Dr. Sharon Goldfarb, DNP, RN, FNP-BC, with the support of ANA\California and our coalition partners, issued a letter to the CA Board of Registered Nursing requesting a temporary emergency regulation change. The proposed change would increase the allowed simulation substitution percentage for clinical hours to 50% from the current 25%. Additionally, we are requesting that the 50% allotment of clinical simulation be applied to nursing programs instead of individual nursing courses. Share our LinkedIn Post.

Due to California Gov. Gavin Newsom's state of emergency declaration on March 4th, 2020, nursing education has been impacted greatly. Many nursing schools’ clinical partners have refused to allow nursing students to receive their clinical training. Some clinical sites are choosing to decrease nursing student instruction in order to decrease exposure risk to patients, visitors, and staff. Other sites are restricting the clinical activities of nursing students. Finally, many clinical sites have canceled clinical instruction altogether.

California hospitals have already begun submitting applications to the Office of Emergency Services (OES) for additional personnel in response to COVID-19. ANA\California has been working closely with the California Hospital Association to monitor their needs for nurses and other healthcare professionals. Which leads us to...

Want to join the fight against the Coronavirus? Trusted Health has devoted a page to nurses who are looking for opportunities to help. View their posted jobs.

Keep reading for more Coronavirus updates and news. See below.

We've heard burning questions from nurses working the front lines of the Coronavirus pandemic about concerns returning home to families...

So, we connected with ANA\California member - Thao Tran MSN APRN-CNP FNP-BC RN-BC PHN CHIPS, a Nurse Specialist for the Department of Health and Human Services and infectious diseases expert - who's been fortunate enough to receive training in 1 of only 10 bio-containment units in the nation. We asked her some questions, which have been lightly edited for clarity:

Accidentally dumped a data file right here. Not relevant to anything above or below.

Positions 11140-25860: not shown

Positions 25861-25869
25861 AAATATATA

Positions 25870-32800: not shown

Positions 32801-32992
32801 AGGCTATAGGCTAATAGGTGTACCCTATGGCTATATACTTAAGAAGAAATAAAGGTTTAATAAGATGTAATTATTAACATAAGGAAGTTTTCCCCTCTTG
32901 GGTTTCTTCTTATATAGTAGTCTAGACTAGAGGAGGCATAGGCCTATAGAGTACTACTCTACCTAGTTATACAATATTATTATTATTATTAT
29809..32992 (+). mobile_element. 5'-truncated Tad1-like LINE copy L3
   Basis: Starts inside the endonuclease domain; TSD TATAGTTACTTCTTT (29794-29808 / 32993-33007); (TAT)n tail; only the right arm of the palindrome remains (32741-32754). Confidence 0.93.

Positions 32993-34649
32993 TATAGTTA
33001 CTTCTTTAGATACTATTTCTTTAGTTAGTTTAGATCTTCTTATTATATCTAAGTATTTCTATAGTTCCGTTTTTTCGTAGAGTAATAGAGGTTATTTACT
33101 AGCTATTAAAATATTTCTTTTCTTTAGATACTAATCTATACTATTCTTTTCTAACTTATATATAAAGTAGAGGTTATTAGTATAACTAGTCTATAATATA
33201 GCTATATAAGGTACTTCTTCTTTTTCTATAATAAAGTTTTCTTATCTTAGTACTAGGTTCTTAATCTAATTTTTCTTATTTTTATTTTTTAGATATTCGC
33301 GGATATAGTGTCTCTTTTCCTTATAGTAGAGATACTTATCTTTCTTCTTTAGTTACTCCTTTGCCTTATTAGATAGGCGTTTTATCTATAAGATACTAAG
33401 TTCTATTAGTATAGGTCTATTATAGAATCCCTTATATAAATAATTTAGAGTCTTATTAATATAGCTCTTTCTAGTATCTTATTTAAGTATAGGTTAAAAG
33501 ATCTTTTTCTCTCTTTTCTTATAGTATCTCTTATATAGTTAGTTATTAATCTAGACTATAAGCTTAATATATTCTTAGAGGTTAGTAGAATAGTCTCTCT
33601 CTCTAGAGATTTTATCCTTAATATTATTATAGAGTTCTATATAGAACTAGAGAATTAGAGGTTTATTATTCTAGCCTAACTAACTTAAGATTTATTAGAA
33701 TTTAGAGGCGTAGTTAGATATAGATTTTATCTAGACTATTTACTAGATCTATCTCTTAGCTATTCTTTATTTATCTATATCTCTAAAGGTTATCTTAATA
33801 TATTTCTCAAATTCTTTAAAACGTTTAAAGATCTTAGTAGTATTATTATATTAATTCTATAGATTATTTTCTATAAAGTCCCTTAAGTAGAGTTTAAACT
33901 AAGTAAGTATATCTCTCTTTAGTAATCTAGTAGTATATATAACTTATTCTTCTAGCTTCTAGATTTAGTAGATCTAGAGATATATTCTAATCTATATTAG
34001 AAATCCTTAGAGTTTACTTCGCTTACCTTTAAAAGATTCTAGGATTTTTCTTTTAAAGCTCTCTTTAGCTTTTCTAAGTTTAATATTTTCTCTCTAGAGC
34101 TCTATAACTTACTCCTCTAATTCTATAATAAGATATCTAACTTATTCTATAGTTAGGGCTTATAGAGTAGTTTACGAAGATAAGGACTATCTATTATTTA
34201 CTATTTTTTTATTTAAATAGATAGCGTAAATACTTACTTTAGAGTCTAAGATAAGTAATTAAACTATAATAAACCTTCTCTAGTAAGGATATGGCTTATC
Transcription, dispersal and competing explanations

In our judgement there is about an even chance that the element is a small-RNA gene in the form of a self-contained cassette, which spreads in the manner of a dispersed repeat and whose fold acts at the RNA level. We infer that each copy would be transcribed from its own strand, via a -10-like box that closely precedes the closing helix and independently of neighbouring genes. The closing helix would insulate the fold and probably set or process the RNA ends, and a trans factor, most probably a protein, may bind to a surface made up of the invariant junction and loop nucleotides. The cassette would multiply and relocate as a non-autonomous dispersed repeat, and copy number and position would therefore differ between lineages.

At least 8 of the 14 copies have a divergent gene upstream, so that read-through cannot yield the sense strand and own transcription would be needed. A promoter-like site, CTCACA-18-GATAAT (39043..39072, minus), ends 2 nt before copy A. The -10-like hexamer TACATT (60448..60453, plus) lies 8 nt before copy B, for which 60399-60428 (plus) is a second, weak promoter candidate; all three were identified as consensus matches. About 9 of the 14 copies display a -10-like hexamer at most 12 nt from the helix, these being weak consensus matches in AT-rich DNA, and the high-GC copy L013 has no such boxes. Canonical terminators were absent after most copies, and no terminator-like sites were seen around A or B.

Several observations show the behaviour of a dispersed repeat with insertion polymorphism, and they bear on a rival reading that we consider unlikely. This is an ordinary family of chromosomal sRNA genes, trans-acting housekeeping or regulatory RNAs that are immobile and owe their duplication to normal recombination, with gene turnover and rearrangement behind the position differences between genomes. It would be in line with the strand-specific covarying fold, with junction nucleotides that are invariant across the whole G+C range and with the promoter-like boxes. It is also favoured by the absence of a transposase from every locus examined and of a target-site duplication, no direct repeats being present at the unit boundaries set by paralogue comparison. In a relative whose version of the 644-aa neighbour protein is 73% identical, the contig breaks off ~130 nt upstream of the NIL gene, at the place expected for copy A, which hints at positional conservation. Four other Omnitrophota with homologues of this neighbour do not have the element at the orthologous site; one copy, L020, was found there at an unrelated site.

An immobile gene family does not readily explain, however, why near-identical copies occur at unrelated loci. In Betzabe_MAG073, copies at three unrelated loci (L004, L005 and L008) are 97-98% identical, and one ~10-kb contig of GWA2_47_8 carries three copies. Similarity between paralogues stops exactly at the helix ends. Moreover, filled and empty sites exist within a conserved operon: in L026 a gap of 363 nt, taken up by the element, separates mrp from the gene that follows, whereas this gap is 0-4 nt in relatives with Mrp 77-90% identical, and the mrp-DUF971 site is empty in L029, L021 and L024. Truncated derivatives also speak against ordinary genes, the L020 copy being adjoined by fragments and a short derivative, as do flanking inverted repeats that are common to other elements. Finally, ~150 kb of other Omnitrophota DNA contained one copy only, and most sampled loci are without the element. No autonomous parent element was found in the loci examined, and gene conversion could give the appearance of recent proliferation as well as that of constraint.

1. Would you recommend self-isolation for nurses working in the ICU and ED? I would not recommend self-isolation for nurses because what we do know is those infected with COVID-19 will recover. What I do recommend is if the nurse did work on a patient with COVID-19, the nurse should practice social distancing as a precautionary measure. The least we want is healthcare providers bring home COVID-91 to their families.

Just like with Ebola, SERS, MERS, and patients who are resistant to TB, you would have nurses with good knowledge about infection control to provide care to patients in an environment that is safe. Safety to the nurse workers, patients and their families are a must!

2. What measures would you recommend these nurses' families take? Based on what is already known about the virus, transmission is droplet. I recommend these families to exercise droplet precaution. If caring for a loved one who has COVID-19, make sure you limit exposure and have that person only stay in one room. If possible, place the infected family member in a room that has a bathroom. If no bathroom is available, provide a commode. The goal is not to have the family member share, walk, or do things with healthy members in the family until the sick family member recovers. Remember, social distancing does not mean isolation. Strict isolation guidance is not good. If people are well, having some contact with family is important for their mental health.